Join Cardinals beat writer Derrick Goold for his chat live from Jupiter at 10 a.m. Monday

Join Cardinals beat writer Derrick Goold for his chat live from Jupiter at 10 a.m. Monday

Bring your Cards questions and comments to Monday’s 10 a.m. live chat.

    Here’s my take on the MLB lockout. I DON’T CARE!!! Call off the whole “doggone” season. I DON’T CARE!!! It is just ridiculous that they had plenty of time to get this worked out and didn’t even get started until February. There was a time when I was a baseball fanatic. Those days are long gone. Pro football, College basketball, Pro basketball and even Pro hockey have bypassed boring old MLB baseball on the excitement meter. So what does boring old baseball do? Oh sure, let’s have a lockout. Let’s cancel spring training(My son and I were ready to go to Tampa last Friday to watch Cards/Yankees) and regular season games. Brilliant, but I digress because…I DON’T CARE!!!
    Some people do care. And even then it could be a costly lockout for baseball.
    Derrick, I am all for the players making more money; owners can't do it without them. Don't you think the $80M bonus pool is a high ask?
    No. Because -- please remember -- the pool is based on the amount of players who are in it, and that number has shifted to a greater number because Super 2 isn't changing.
    Hey Derrick... Keep up the great work even if the sport doesn't deserve it at this time. With the state of negotiations & owners seemingly thinking they don't have enough of the game's money, I'm wondering why expansion by 2 teams isn't being talked about as a means to provide more union jobs and a way for owners to get a couple extra billion dollars injected into their sport. That extra money is needed so badly, are you surprised expansion hasn't been injected into the discussions with cities like Nashville, Vegas, Montreal, Charlotte, Portland, etc. lining up to get added into an industry that is struggling so badly ?
    Thank you for the compliment. Expansion is in the air. The owners have told the players' union that expansion is not on the front-burner for them. They said as much during the previous CBA negotiations five years ago and said the focus has to be on getting better situations in Tampa Bay and Oakland first before their eyes can shift to expansion. That was pre-pandemic. That was pre-losses to the 2020 season, ticket sale losses in 2021, and now a third consecutive year of lost revenue, this one self-inflicted. All of that is going to add up and a quick way for the owners to get a windfall in the near future is to pocket those massive expansion fees. That an infusion of big money, big cash, and it goes to the existing owners. There is a real interest in MLB to expand to Nashville. The Cardinals, of course, would be one of the teams that would have to be compensated for losing part of their market to a new team. Montreal, Portland are also being mentioned. But you're right: It's not being discussed at the table, but there's a sense from the union that it has to be in the air because of what the owners have lost -- say they've lost -- in now three consecutive seasons.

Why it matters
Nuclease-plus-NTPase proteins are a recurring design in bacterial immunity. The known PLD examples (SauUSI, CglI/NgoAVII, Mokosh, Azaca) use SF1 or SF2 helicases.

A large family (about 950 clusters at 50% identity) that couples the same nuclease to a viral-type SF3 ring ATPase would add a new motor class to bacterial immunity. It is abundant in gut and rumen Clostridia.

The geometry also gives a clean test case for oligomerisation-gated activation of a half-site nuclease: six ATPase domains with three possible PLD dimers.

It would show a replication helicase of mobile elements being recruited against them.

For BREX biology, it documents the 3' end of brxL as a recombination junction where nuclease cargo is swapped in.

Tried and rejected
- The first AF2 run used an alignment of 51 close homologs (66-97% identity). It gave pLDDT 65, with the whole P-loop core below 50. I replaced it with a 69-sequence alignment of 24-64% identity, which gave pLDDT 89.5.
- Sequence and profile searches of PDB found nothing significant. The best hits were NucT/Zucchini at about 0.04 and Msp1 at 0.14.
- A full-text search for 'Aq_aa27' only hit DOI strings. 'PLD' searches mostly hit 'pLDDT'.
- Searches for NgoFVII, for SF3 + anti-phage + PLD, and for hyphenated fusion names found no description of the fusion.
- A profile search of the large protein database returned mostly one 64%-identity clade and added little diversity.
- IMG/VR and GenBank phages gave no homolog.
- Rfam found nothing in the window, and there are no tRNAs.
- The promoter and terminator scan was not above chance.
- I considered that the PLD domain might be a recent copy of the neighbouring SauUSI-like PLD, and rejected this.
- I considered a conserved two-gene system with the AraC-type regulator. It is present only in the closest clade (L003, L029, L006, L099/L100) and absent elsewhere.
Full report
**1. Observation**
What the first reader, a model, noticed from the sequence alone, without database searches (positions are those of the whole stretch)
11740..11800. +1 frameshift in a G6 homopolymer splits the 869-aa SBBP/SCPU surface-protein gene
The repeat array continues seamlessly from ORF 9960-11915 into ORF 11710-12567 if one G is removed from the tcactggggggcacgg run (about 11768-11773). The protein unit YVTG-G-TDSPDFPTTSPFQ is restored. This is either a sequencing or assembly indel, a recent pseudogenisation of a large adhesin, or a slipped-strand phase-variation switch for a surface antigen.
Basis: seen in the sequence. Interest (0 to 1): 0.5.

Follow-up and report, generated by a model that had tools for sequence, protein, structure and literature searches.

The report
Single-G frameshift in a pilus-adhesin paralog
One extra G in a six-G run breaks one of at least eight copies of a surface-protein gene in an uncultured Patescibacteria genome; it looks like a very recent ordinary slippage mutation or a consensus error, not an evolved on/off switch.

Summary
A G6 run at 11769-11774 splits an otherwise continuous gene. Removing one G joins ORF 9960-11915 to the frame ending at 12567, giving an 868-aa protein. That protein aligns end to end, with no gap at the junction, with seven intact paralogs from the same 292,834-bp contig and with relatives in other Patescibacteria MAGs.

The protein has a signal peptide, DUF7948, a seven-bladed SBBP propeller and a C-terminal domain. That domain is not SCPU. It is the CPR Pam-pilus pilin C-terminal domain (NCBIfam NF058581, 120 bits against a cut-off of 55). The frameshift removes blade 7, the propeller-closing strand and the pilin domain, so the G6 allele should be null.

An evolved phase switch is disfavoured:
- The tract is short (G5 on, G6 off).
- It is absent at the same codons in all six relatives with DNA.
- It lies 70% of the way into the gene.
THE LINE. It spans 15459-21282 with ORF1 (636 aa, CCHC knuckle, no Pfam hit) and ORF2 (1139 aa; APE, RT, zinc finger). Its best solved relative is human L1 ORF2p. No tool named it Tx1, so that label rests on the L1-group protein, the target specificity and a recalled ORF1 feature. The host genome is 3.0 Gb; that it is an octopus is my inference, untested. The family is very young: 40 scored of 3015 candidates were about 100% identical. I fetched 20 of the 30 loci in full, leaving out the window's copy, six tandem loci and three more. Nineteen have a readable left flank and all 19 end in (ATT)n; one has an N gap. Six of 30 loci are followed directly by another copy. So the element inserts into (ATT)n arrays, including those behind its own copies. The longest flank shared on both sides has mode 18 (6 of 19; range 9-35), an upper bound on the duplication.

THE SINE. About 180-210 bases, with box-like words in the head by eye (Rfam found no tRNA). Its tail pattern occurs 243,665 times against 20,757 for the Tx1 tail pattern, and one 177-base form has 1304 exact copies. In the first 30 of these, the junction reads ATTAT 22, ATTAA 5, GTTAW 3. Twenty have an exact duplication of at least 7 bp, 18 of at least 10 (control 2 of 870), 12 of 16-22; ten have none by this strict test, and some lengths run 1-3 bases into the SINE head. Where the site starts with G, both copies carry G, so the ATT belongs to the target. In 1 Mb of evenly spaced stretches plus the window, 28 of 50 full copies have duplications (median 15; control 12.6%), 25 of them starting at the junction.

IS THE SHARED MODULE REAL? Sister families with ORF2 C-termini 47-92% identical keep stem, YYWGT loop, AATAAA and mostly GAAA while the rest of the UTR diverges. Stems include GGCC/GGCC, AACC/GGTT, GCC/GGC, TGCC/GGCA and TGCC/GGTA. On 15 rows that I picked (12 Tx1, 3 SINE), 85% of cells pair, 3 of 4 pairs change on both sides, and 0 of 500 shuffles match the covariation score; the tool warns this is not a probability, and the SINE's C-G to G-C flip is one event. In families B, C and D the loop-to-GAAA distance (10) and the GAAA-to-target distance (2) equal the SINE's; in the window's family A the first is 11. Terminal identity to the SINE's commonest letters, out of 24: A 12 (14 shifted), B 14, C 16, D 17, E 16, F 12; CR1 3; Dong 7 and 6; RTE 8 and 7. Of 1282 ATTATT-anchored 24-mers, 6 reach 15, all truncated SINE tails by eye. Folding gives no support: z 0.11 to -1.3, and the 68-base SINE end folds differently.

One of the biggest problems facing MLB is tanking. The players have tried to discourage this practice but it seems the only measure has been to create a draft lottery and limiting participation in the draft lottery if a team repeatedly loses. Do you think that these measures will really stop tanking?
  • They will help, yes. I believe they will. Not entirely. But there will be one interesting thing to watch -- the more draft picks that the game introduces to the draft the less valuable they'll become, the less like gold and more like silver they'll be treated. And that is what some of the mechanisms of this CBA does. It introduces more draft picks out of thin air without taking them away. That, to me, is a subtle win for the players' union. We'll see how it plays out in practice, but increasing the supply of draft picks so it shifts the values of such picks could change how teams view/cherish/cling-to those picks.
  • How does spring training look so far?
    Rainy. Fine. Saw some hitters who will never be asked to bunt practice bunting. Got a sense of the pitchers they want to be ahead so they're ready to pitch as the season opens early in Class AAA or reinforcements needed for big-league camp.
    In Northern Wisconsin this past weekend, a Brewer’s fan/friend said he was contacted about his opening days refund. I have expect to get that same response from the Cardinals ticket office tomorrow
    When the lock out is over MLB will have to have the arbitration hearings, rule 5 draft, free agent signings, 3 weeks of work outs and at least 2 weeks of spring games. After the contract is signed how long before the first game is played?
    All of this will happen at once, with the exception of the Rule 5 draft. None of those things will inhibit the playing of games. Arbitration hearings will overlap with the regular season at this point. Free agent signings will continue into the regular season. And so on. The first game is expected to be 3-5 days after camp opens, camp is set to open 3-4 days after an agreement is reached, and that's to allow time to ratify the agreement and get players to the site of their camp. There are also players who are unsigned who need to get work visas once they have a contract.